If Your Dish Is Too Salty...

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Have you heard of the potato myth? It's the rumor that dropping a raw potato into an over-salted soup will "draw out" some of the salt. Sorry to break it to you, but this myth is 100% that—a myth. Busted.

While raw potatoes do indeed draw out some of the salt from a liquid, they also absorb a proportionate amount of liquid. Sorry, spud. If you dish is too salty, there are more reliable ways to balance things out. Let's take it case by case: 

1. Too salty soup. Add more liquid (just make sure it's unseasoned—aka, not an already seasoned broth). Or add more mix-ins, such as vegetable chunks or cooked rice. Or add both! You can also stir in a small amount of sweetener to taste. 

2. Too salty pot roast. Take a cue from Samin Nosrat. "Shred an oversalted piece of meat to turn it into a new dish where it's just one ingredient of many," she writes in Salt, Fat, Acid, Heat. For example: "a stew, chili, a soup, hash, ravioli filling." Psst: This also applies to oversalted vegetables and grains.  

3. Too salty salad. Add more neutral-flavored components, like lettuce. Additionally, you can mix up a quick "dressing" by combining olive oil and honey or maple syrup, and incorporate this to taste. 

Now, all caution aside, don't be shy with your seasoning. Professional chefs say that most home cooks err on the side of caution and underseason their food. So, while they are possible to overdo, salt and spices are your friends.

The solution, which you should adopt from here on out, is to season as you go, and taste frequently—very frequently. Consider it an excellent excuse to sneak samples of whatever you're cooking up.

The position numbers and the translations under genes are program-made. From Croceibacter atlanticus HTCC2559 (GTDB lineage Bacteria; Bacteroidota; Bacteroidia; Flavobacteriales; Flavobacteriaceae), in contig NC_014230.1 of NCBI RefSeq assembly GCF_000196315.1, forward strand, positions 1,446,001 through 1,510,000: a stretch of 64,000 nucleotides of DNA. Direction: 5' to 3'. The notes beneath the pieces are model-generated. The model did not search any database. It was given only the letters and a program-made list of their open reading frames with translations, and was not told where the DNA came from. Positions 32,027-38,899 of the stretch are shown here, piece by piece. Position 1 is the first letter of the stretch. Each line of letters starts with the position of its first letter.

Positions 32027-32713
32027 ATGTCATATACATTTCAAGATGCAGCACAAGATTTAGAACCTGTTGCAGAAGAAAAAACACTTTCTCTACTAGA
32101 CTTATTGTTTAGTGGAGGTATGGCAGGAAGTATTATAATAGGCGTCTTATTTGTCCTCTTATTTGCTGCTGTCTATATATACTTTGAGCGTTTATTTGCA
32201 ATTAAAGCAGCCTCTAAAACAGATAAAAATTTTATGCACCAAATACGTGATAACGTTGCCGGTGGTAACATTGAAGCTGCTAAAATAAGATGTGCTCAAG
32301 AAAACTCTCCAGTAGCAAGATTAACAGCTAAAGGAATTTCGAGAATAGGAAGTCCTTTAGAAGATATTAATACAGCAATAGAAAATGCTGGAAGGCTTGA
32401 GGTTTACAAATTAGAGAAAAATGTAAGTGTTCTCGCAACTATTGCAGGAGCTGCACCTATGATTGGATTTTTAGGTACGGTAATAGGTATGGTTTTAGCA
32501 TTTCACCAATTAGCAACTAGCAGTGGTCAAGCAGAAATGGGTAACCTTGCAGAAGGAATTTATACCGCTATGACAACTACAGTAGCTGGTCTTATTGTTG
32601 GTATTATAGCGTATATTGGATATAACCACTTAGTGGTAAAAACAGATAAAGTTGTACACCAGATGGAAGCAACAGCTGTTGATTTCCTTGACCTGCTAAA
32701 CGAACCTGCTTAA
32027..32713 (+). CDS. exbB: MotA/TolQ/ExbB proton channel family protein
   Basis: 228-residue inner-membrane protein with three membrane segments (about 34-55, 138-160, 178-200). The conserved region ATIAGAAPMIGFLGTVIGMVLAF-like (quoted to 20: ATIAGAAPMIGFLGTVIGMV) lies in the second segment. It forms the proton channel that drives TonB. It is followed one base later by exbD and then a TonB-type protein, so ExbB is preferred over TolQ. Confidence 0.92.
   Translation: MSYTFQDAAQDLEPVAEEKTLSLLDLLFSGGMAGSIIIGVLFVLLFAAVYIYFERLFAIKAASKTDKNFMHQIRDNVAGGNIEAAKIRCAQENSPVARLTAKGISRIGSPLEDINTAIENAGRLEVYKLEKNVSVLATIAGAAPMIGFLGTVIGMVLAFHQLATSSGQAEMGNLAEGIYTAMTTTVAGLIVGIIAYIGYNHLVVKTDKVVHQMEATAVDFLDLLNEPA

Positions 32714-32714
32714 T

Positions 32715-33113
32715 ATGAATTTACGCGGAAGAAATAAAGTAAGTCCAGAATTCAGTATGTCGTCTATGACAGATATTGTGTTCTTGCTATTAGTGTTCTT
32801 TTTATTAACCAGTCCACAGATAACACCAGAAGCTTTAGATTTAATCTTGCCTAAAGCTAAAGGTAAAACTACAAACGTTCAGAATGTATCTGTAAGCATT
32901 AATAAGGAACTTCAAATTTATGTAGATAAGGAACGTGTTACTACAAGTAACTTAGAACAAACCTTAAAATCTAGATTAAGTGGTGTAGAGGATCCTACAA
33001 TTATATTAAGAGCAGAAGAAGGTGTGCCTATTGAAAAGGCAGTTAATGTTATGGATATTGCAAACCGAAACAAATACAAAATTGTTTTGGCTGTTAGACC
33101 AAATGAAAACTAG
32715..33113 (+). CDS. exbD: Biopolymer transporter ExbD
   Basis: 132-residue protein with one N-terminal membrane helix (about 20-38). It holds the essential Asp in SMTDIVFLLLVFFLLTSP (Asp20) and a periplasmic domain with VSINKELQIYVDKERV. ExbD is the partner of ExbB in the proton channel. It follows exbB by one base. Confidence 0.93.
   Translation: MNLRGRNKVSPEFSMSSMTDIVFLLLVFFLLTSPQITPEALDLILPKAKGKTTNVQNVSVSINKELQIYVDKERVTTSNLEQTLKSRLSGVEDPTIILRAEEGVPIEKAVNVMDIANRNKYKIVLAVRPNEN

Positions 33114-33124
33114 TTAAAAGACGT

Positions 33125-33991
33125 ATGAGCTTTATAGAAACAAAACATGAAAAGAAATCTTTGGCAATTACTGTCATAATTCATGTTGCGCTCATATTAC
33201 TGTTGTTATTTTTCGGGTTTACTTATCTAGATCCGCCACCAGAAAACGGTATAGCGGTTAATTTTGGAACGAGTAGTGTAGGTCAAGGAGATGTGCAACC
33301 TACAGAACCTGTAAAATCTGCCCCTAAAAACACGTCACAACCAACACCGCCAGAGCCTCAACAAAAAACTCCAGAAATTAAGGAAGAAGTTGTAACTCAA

This article was originally published in 2014. We updated it with even more tips. How do you correct a dish that's too salty or spicy? Tell us in the comments!

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See what other Food52 readers are saying.

  • kimikoftokyo
  • James Darren Villacrucis
    James Darren Villacrucis
  • trij218
  • Dory
  • Patricia Trokey
    Patricia Trokey
A kitchen scientist and dog-lover. Someday I want to have you over for dinner.


kimikoftokyo October 20, 2019
I’ve always added water or if it’s too spicy paired it with rice and put yogurt in it. No one told me this idk how common sense popped in lol. Now with salty things ,water became the obvious to dilute it and my mother said you can always put things like beans or rice into it and not to season until close to the end or after. I’m like makes sense. I always make spicy things then realize people are dying lol but they like it ,so quickly I turn my curry on high and add yogurt. It’s not only creamer but it goes faster lol. I also add mild and spicy curries together to balance the taste and the spice.
James D. October 14, 2019
Another tip I learnt is that if your tomato soup is too spicy or anything of the like, you can take half of the spicy soup out and add more tomato soup(not spicy) in.
trij218 September 12, 2019
I enjoy hearing about other people's mistakes because I have definitely made more than enough especially in the kitchen and with SALT! Even though I try to limit my salt intake to help with my blood pressure and weight loss journey, some dishes are not the same without the right amount of salt :) So thank you for the tips to doctor our accidentally, too salty dishes. If you were curious on any other healthy dishes you should check out this site I've been subscribed to who sends me recipes on a regular. They help me out a lot with good meals, my weight loss, and not over salting my meals. Have a look for yourself, and thanks again for the pleasant read.
Dory September 25, 2018
Help! I made two large pans of eggplant lasagna (with spinach and mushrooms noodles, no meat). I salted each of the, oh, 100 or so paper-thin slices of eggplant and let them sit, then drained the water off, patted them dry individually with paper towels, and grilled them a bit before assembling my pans of lasagna and pre-baking them, to be reheated later before serving to guests. We took a tiny sliver off the end to taste. WAY TOO SALTY!!!! What now?!?! Help!
Dr.Insomnia September 25, 2018